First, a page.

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Ahmed Sékou Touré (1922 - 1984)

The Order of the Companions of O.R. Tambo in

Ahmed Sékou Touré (1922 - 1984) Awarded for:
His exceptional contribution to a free, united, peaceful and prosperous Africa.

Profile of Ahmed Sékou Touré

Ahmed Sékou Touré was born in 1922, in Guinea, the son of a Muslim peasant farmer. One of seven children, he attended a school of Koranic studies at Kankan in Guinea, eventually graduating from a French technical school. As a young worker in the French colonial administration, the young treasury clerk became a trade union activist.

He became general secretary of the Postal Workers’ Union in 1945 and organised the Union Générale des Travailleurs d’Afrique Noir in 1956, later becoming the full-time head of the Guinea branch of France's Confederation Général du Travail.

Touré was a key player in the massive strike in 1953, which resulted in the first decisive victory of African workers over their colonial masters. This workers’ victory held out great promise for larger political triumphs under Touré’s able political leadership, which had begun in 1946 when he, together with other nationalist leaders, founded the Rassemblement Démocratique Africain.

In 1956 Touré was elected Guinea’s deputy to the French National Assembly in Paris, a member of the Guinea Legislative Assembly and the mayor of the city of Conakry.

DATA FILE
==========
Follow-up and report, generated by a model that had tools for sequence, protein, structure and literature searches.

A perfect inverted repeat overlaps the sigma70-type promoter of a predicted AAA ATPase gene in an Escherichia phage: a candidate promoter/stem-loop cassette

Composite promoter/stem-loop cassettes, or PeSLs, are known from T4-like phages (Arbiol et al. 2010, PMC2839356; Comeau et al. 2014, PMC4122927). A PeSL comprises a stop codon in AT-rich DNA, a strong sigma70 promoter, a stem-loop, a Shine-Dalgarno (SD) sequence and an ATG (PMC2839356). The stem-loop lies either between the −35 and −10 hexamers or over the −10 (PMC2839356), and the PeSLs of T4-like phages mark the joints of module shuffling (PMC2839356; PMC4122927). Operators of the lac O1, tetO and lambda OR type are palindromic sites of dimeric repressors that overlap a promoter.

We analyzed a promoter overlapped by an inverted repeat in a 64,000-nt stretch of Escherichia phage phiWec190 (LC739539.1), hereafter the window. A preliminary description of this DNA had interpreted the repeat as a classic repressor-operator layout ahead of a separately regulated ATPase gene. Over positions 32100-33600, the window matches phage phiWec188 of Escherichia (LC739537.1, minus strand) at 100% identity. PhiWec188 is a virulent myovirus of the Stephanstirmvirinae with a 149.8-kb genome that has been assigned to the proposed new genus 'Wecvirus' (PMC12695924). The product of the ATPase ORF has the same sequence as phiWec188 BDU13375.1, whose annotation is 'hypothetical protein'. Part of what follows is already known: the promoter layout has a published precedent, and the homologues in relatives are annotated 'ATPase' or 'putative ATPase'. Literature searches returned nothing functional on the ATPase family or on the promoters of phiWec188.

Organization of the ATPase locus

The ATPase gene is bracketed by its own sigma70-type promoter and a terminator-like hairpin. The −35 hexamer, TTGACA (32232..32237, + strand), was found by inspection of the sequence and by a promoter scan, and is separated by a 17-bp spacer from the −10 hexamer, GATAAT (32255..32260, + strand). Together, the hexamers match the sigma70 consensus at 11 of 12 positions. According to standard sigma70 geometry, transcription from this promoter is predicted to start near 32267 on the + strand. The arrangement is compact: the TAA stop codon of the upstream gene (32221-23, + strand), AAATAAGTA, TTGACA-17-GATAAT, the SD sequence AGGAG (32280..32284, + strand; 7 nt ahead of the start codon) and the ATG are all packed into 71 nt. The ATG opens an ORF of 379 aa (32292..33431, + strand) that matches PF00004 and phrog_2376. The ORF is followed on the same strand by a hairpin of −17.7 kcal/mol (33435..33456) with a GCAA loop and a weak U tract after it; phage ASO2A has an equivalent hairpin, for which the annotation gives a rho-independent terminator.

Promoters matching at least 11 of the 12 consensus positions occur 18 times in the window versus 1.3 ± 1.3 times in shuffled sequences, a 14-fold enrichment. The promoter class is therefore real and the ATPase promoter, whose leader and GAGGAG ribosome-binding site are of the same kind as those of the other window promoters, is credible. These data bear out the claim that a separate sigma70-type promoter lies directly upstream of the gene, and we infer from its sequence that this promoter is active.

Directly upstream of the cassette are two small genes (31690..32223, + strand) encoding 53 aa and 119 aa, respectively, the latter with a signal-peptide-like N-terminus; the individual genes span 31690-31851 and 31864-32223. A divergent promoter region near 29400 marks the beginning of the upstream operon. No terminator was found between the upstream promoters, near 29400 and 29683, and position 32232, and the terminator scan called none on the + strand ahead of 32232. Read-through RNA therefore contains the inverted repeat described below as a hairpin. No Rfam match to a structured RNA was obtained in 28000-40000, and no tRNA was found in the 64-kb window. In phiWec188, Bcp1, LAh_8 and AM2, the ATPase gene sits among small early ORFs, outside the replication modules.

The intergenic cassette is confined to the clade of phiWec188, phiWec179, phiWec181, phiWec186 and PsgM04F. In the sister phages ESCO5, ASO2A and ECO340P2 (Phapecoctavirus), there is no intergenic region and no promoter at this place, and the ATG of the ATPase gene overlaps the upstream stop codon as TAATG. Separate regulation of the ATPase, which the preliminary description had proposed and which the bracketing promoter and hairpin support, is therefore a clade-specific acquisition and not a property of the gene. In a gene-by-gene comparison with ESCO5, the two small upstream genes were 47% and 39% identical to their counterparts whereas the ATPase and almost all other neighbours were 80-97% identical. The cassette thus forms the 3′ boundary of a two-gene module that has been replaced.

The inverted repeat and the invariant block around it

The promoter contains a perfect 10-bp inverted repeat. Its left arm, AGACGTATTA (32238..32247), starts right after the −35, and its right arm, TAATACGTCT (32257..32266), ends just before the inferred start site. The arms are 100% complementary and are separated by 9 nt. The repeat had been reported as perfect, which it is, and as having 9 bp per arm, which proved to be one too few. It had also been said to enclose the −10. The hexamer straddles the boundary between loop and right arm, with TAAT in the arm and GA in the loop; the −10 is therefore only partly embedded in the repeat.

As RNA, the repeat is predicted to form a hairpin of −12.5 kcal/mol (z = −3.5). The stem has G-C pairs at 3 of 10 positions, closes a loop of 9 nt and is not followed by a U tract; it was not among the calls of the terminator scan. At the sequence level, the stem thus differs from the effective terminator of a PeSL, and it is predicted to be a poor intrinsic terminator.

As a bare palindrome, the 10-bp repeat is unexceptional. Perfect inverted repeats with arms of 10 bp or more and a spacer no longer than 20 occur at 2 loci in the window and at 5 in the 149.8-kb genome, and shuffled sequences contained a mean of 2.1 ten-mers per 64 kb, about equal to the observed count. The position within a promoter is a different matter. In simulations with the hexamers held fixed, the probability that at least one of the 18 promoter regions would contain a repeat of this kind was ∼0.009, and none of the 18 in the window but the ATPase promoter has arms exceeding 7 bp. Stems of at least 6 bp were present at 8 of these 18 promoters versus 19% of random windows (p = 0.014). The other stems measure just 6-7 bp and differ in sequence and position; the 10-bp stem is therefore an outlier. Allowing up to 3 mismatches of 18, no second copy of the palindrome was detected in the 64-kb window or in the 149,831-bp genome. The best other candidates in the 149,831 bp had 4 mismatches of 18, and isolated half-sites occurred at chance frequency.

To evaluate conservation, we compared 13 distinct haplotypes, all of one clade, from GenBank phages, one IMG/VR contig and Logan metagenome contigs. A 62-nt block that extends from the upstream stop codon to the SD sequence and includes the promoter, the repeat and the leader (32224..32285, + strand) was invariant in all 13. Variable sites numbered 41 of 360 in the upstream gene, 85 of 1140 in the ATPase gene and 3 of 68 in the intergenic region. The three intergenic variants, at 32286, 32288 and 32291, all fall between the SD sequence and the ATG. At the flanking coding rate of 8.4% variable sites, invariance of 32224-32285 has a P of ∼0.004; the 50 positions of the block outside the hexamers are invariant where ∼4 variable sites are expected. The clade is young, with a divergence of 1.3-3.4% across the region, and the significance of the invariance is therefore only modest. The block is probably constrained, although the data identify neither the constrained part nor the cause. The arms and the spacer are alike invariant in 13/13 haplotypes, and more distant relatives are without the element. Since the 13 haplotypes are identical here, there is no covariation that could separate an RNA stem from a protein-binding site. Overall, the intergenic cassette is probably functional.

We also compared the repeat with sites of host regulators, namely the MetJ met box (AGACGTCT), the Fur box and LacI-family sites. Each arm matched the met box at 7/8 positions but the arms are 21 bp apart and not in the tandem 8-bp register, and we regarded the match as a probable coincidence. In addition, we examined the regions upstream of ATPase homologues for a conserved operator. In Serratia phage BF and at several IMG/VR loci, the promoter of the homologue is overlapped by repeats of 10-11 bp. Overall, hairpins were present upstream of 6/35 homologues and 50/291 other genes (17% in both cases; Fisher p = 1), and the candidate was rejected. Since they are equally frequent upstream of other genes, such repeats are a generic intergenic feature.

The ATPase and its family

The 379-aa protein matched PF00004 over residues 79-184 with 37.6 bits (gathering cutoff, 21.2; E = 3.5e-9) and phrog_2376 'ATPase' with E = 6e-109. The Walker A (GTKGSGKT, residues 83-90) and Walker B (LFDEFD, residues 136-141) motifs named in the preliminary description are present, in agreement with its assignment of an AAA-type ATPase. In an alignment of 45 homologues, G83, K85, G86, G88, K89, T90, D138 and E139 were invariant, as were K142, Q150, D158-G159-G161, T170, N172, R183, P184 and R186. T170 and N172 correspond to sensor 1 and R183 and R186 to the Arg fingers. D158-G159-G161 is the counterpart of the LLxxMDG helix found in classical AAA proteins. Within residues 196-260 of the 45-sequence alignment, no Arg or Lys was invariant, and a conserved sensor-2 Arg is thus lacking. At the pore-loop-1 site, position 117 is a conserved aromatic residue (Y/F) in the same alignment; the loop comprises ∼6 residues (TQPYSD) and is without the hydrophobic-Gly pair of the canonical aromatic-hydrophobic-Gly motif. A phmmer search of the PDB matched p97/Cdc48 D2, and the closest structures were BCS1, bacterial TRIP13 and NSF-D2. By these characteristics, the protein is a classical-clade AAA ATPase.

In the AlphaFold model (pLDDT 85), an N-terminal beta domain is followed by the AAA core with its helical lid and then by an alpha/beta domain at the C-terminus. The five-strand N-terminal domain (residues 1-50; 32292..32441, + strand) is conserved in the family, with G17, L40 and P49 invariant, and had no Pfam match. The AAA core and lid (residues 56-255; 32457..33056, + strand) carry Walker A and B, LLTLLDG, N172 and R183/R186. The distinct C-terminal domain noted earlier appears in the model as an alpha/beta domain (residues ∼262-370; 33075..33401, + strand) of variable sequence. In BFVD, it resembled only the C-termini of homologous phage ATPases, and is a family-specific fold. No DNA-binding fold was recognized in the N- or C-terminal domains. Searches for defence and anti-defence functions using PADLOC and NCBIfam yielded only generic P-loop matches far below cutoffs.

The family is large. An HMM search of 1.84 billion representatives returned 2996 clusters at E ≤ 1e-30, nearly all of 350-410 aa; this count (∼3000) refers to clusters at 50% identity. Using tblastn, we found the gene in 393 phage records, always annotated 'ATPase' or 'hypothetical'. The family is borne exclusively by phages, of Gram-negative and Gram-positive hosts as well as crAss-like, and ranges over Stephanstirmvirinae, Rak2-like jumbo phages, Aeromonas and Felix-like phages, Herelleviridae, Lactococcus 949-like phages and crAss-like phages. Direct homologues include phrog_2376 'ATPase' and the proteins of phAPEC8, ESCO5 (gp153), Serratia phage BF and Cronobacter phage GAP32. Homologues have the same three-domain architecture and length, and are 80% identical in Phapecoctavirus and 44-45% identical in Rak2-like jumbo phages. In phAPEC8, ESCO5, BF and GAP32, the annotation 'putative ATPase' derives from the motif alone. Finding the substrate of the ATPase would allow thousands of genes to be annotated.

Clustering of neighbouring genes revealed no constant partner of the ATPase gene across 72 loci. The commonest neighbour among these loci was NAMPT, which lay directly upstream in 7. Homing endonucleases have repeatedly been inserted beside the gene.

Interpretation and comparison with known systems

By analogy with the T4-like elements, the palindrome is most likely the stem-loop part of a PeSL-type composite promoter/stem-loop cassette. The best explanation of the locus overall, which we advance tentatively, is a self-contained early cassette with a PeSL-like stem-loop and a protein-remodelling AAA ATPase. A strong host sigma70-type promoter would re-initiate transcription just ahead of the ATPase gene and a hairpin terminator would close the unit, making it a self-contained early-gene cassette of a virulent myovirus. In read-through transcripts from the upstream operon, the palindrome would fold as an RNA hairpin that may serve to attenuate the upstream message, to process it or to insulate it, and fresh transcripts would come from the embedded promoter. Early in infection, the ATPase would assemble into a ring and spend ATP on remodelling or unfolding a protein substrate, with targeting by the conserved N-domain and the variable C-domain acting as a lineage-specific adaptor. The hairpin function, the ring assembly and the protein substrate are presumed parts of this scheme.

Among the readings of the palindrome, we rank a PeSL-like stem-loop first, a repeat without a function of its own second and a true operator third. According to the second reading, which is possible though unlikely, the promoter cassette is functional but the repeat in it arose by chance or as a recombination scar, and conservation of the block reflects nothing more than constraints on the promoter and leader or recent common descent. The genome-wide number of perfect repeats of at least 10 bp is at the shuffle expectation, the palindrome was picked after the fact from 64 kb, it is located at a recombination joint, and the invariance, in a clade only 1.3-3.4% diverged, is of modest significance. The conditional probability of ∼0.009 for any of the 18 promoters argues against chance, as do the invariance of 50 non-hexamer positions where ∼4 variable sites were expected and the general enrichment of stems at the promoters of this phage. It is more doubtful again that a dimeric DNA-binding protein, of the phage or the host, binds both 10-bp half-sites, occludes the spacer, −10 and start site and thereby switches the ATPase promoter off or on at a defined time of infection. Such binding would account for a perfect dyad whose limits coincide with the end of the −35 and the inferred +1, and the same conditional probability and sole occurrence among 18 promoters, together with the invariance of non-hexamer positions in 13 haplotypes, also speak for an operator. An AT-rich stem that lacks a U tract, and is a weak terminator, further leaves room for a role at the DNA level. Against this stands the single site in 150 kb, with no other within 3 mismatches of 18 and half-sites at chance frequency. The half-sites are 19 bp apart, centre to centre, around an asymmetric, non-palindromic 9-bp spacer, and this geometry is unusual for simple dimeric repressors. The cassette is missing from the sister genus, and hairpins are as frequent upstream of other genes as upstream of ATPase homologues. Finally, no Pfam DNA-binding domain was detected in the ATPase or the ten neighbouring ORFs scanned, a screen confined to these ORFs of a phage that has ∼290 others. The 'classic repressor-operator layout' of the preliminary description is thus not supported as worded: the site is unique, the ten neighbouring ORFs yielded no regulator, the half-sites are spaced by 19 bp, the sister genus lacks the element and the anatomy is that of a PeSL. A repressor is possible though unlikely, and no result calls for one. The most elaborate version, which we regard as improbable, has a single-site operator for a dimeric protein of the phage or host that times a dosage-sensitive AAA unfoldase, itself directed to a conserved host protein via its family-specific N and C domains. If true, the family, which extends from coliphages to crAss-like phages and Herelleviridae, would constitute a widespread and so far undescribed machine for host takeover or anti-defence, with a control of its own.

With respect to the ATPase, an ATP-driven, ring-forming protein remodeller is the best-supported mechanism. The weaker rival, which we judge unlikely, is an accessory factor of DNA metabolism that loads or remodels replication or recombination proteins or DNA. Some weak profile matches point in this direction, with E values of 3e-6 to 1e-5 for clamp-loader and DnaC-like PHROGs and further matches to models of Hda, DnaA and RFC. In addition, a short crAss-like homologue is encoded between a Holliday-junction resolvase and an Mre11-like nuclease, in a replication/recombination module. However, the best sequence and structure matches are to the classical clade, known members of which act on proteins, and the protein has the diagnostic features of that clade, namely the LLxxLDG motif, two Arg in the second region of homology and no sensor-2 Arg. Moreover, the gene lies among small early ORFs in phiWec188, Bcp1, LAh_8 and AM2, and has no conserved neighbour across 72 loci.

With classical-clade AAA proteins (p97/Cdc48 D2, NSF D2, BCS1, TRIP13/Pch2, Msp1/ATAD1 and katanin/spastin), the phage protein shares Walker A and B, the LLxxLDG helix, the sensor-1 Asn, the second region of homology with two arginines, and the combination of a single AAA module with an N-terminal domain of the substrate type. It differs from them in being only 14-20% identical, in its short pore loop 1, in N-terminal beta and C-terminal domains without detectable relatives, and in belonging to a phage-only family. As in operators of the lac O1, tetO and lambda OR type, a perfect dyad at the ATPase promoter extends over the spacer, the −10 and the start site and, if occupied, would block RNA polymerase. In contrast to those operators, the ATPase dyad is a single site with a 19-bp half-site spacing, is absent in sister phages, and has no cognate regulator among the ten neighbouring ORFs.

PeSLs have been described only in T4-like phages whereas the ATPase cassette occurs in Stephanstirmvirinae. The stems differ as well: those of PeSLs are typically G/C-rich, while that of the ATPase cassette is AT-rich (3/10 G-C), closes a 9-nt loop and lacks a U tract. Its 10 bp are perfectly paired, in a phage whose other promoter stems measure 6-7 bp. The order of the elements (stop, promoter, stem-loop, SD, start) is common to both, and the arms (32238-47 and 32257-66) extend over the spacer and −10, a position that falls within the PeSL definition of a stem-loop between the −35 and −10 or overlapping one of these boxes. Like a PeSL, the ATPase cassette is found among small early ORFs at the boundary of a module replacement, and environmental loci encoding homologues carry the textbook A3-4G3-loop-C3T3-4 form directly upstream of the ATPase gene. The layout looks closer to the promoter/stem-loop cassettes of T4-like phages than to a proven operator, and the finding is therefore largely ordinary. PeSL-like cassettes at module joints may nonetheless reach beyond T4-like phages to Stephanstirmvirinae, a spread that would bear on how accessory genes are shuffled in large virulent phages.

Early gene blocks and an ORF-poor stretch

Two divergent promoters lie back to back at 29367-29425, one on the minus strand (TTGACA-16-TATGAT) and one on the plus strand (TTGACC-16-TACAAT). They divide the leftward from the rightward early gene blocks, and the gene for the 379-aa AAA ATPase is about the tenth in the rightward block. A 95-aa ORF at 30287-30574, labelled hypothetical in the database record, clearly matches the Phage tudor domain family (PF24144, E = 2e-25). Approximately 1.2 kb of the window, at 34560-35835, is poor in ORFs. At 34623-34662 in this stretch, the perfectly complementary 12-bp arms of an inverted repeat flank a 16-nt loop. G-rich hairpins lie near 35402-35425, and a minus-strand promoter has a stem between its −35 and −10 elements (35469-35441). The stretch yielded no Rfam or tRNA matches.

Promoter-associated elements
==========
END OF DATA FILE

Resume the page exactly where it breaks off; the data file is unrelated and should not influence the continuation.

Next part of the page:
After campaigning successfully for independence during the De Gaulle Referendum in 1958, he led his country out of the French Community saying that, "The notion of a continuing French community would maintain our status of indignity, and our status of subordination. We prefer poverty in liberty, to riches in slavery."

As first President of independent Guinea, Touré, a brilliant organiser and planner, introduced far-reaching reforms to his country. He brought the notorious landlords under the control of the Guinean government and oversaw the distribution of land (and thus effectively, wealth). To combat the debilitating effects of extreme underdevelopment in his country, Touré first introduced socialist measures and later, in the 1970s, he undertook an extensive programme of economic liberalization. Although modest in comparison to the needs of his people, the progress he facilitated endeared him to his compatriots who in turn continually returned him to power in democratic elections until his death in 1984.

Touré was a strong champion of African unity and Pan-Africanism. He wasted no time in attempting to strengthen ties with neighbouring and other African countries and thus lessen their collective dependence on former European colonisers. Moreover, to put these ideas into practice, he initiated the Guinea-Ghana-Mali Union, a proposal of union between African countries which preceded the idea of the African Union by 40 years.

Essentially the founder of the trade union movement in Guinea, Ahmed Sékou Touré’s name resonates in the hearts of the three million Guineans as the man who led them to freedom and for three decades thereafter. This great African intellectual, thinker, patriot and leader, eloquent poet, and brave freedom fighter, remains the idol of countless millions across the continent, commanding respect, awe and veneration. His contribution to African unity and the formation of the OAU and inspired leadership still serve as a beacon for the continent.